Baby Blue: 1972 Mercedes Benz 66K Mile Sedan – SOLD!
December 13th Update – We just confirmed the private seller of this ride deleted their Craigslist ad, so we’re now able to call this one “Sold!” While this one got away, if you have your heart set on something similar, email us the details of what you’re looking for or call Rudy directly at (908)295-7330.
Original- or Second-owner selling? That is the question we often end up asking when we come across a listing saying “Only One Owner” such as this Horizon Blue over Navy MB Tex, 66K mile 1972 W114 Mercedes-Benz 250 Sedan originally listed in December 2020 on Craigslist in Langhorne, Pennsylvania with an asking price of $7,400. Researching the Collector Car Market Review Online Tool reveals the private seller has their vintage Mercedes priced between this guide’s #3 “Good” estimate of $4,800 and its #2 “Very Good” appraisal of $8,450. Similarly, the Hagerty Insurance Online Valuation Tool as a second data point confirms this private seller has his full-size W114 priced between the #4 “Fair” (Daily Driver) estimate of $5,100 and the #3 “Good” appraisal of $8,800.
Here’s the Hagerty Insurance Summary of these Mercedes from its Valuation Guide:
“Mercedes-Benz eschewed the fins of the previous W110 series with the introduction of the Paul Bracq-designed W114/115 “Strich Acht” cars in 1968. This new design was available in sedan and coupe form and rode on a newly designed chassis that consisted of a ball joint independent front suspension with unequal-length A-arms and coil-over shocks, while semi-trailing arms made up the rear. Discs all around were utilized for stopping these substantial cars. The W114 range consisted of gas I-6 engines ranging from 2.3 to 2.8 liters (230C, 250C, 280C, 250C, and 280C for coupes—an “E” suffix denotes rare fuel injection), while the W115 range consisted of gas and diesel I-4 engines of between 2.0 and 2.4 liters displacement (200/200D, 220/220D, 230.4, 240D). Starting in 1973, the W115 series also included a diesel I-5 with the 240D 3.0 and 300D cars.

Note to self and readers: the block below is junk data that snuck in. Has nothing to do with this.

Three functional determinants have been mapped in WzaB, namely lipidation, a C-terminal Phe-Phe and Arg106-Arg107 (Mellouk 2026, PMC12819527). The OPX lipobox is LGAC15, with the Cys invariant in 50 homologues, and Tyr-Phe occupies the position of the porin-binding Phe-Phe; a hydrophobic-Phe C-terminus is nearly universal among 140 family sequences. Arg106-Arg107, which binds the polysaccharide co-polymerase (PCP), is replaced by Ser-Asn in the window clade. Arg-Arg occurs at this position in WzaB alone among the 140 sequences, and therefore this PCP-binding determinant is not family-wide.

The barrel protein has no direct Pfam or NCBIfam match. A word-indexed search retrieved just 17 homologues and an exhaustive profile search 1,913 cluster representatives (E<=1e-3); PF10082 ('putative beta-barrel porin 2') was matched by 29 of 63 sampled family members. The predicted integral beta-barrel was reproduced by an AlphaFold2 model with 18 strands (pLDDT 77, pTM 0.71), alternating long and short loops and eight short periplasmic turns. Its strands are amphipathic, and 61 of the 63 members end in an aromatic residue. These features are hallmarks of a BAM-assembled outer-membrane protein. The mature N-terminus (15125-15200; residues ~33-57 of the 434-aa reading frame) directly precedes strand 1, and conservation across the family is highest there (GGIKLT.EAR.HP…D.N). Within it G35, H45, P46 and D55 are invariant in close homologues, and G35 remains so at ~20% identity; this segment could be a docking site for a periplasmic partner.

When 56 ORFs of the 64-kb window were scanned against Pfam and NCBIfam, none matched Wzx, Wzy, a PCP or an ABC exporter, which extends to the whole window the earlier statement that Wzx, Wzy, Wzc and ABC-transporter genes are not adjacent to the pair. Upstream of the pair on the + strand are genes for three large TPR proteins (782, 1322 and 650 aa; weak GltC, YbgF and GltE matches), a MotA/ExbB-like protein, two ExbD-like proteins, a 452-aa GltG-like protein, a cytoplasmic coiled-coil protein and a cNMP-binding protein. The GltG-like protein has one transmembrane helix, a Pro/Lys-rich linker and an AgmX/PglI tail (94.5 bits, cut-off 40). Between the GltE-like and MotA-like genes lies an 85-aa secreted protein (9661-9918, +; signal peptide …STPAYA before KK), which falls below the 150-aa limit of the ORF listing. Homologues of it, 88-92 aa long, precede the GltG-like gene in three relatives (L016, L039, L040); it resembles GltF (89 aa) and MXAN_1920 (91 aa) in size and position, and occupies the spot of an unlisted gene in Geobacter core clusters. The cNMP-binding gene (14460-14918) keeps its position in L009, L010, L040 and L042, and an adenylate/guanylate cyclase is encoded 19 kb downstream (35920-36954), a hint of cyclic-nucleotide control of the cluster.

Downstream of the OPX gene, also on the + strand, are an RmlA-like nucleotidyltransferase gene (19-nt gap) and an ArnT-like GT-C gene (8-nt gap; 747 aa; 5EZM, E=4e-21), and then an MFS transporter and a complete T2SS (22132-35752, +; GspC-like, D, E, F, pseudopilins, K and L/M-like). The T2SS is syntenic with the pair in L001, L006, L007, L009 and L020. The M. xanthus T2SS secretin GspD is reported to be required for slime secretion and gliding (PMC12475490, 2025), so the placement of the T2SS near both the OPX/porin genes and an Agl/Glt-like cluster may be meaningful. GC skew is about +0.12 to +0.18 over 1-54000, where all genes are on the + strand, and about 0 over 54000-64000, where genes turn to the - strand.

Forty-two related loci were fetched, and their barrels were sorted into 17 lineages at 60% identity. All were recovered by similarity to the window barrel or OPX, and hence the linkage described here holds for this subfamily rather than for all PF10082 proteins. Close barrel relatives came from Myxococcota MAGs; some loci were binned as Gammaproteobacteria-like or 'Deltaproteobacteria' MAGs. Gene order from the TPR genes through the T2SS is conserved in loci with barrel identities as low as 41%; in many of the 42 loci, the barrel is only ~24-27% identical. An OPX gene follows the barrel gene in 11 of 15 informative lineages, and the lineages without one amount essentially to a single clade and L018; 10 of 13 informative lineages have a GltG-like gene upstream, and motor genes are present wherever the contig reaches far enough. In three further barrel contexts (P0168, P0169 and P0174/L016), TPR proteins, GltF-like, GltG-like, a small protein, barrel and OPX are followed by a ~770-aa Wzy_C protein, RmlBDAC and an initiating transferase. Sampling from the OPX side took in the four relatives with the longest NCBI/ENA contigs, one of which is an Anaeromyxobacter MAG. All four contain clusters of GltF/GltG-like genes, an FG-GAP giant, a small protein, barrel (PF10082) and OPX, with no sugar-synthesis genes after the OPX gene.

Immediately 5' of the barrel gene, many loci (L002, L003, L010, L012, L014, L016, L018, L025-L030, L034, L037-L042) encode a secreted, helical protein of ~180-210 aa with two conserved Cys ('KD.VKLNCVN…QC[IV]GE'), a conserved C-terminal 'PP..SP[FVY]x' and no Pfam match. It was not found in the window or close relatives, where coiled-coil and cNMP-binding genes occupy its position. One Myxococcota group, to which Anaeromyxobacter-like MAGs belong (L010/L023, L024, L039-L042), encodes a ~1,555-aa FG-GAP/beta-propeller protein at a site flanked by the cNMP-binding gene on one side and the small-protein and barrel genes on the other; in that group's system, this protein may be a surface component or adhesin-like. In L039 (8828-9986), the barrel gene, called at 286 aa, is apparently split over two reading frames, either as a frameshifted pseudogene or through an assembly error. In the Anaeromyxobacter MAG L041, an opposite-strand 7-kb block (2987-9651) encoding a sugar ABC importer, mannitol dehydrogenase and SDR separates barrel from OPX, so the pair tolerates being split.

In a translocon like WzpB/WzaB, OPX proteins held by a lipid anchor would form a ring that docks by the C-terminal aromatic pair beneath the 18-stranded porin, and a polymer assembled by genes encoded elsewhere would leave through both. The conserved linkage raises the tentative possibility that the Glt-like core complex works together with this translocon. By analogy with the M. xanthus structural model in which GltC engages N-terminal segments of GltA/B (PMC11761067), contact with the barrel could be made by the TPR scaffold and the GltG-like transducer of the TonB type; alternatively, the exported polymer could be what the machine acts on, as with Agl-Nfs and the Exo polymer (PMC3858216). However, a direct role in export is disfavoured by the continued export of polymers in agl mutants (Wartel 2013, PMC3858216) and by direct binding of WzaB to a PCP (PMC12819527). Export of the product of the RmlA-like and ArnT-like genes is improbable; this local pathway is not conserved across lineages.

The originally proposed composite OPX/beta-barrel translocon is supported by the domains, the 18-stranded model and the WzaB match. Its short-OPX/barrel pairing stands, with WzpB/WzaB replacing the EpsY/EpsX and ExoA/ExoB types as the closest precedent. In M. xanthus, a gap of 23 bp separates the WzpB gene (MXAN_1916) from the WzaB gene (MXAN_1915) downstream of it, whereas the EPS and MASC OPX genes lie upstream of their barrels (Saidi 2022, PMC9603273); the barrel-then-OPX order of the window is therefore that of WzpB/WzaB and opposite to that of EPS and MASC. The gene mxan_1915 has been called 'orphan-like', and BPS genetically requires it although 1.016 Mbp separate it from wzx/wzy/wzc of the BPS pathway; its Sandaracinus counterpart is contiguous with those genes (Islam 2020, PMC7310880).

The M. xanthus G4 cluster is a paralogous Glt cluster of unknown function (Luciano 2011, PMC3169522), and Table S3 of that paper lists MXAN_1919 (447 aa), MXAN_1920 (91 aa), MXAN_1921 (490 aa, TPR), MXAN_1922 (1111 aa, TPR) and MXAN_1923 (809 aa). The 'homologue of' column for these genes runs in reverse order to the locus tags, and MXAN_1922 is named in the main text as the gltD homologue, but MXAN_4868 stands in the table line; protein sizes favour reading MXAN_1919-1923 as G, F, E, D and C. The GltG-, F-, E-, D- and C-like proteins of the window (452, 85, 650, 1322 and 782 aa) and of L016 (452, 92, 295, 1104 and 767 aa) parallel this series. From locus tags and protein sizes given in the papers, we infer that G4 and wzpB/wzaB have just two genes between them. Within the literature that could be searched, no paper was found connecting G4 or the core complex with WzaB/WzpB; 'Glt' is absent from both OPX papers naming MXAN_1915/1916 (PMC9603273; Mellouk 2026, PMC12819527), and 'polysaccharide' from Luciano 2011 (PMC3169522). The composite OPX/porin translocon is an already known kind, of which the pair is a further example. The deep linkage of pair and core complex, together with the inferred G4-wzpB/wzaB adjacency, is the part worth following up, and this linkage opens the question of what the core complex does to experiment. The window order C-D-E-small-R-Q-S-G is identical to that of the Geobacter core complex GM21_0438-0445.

Well over 1.9 million sedans and 67,000 coupes were built from 1968 to 1976 with a subtle change in styling from the windshield forward appearing in 1974 as well as 5-mph bumpers on U.S. market cars that same year. Transmission choices included four-speed manuals and automatics for all body styles except the I-5 diesel 240D and 300Ds, which were automatic only. A five-speed manual was a rare option on coupes with few making it to the U.S., and a car so equipped with equally rare fuel injection has to be one of the most desirable cars in this wide-ranging series.
The W115 and W114 series cars have been referred to as “tank-like” by their enthusiastic following due to their robust construction and reliability, and all permutations of body, engine, and transmission make this Mercedes a choice for many different drivers. Rust compromising the car’s unibody structure as well as dry rot in rubber suspension fittings and bushings are areas of concern in all Mercedes-Benzs of this era, and potential owners should pay attention to these two areas when considering a W114 or W115.”
Here’s a video of a similar vintage “stanced” 250 that is all the rage among Hipsters who enjoy driving these vintage Mercedes W114s:
Regardless of whether the seller is the original or second owner, this Mercedes 25o appears to be a well-documented and properly maintained survivor quality example. The only decision you have to make after purchase is whether to keep it original or source a pair of European-style headlights and then lower the car. Whichever path you choose, good luck with the purchase!
Here’s the seller’s description:
“1972 Mercedes-Benz 250 sedan automatic
Everything on it is all original-
Original 66,000 miles.
Only one owner!”
Stance or Show: what would you do with this Mercedes Survivor? Comment below and let us know!
I would DD (Daily Drive) in the spring and fall!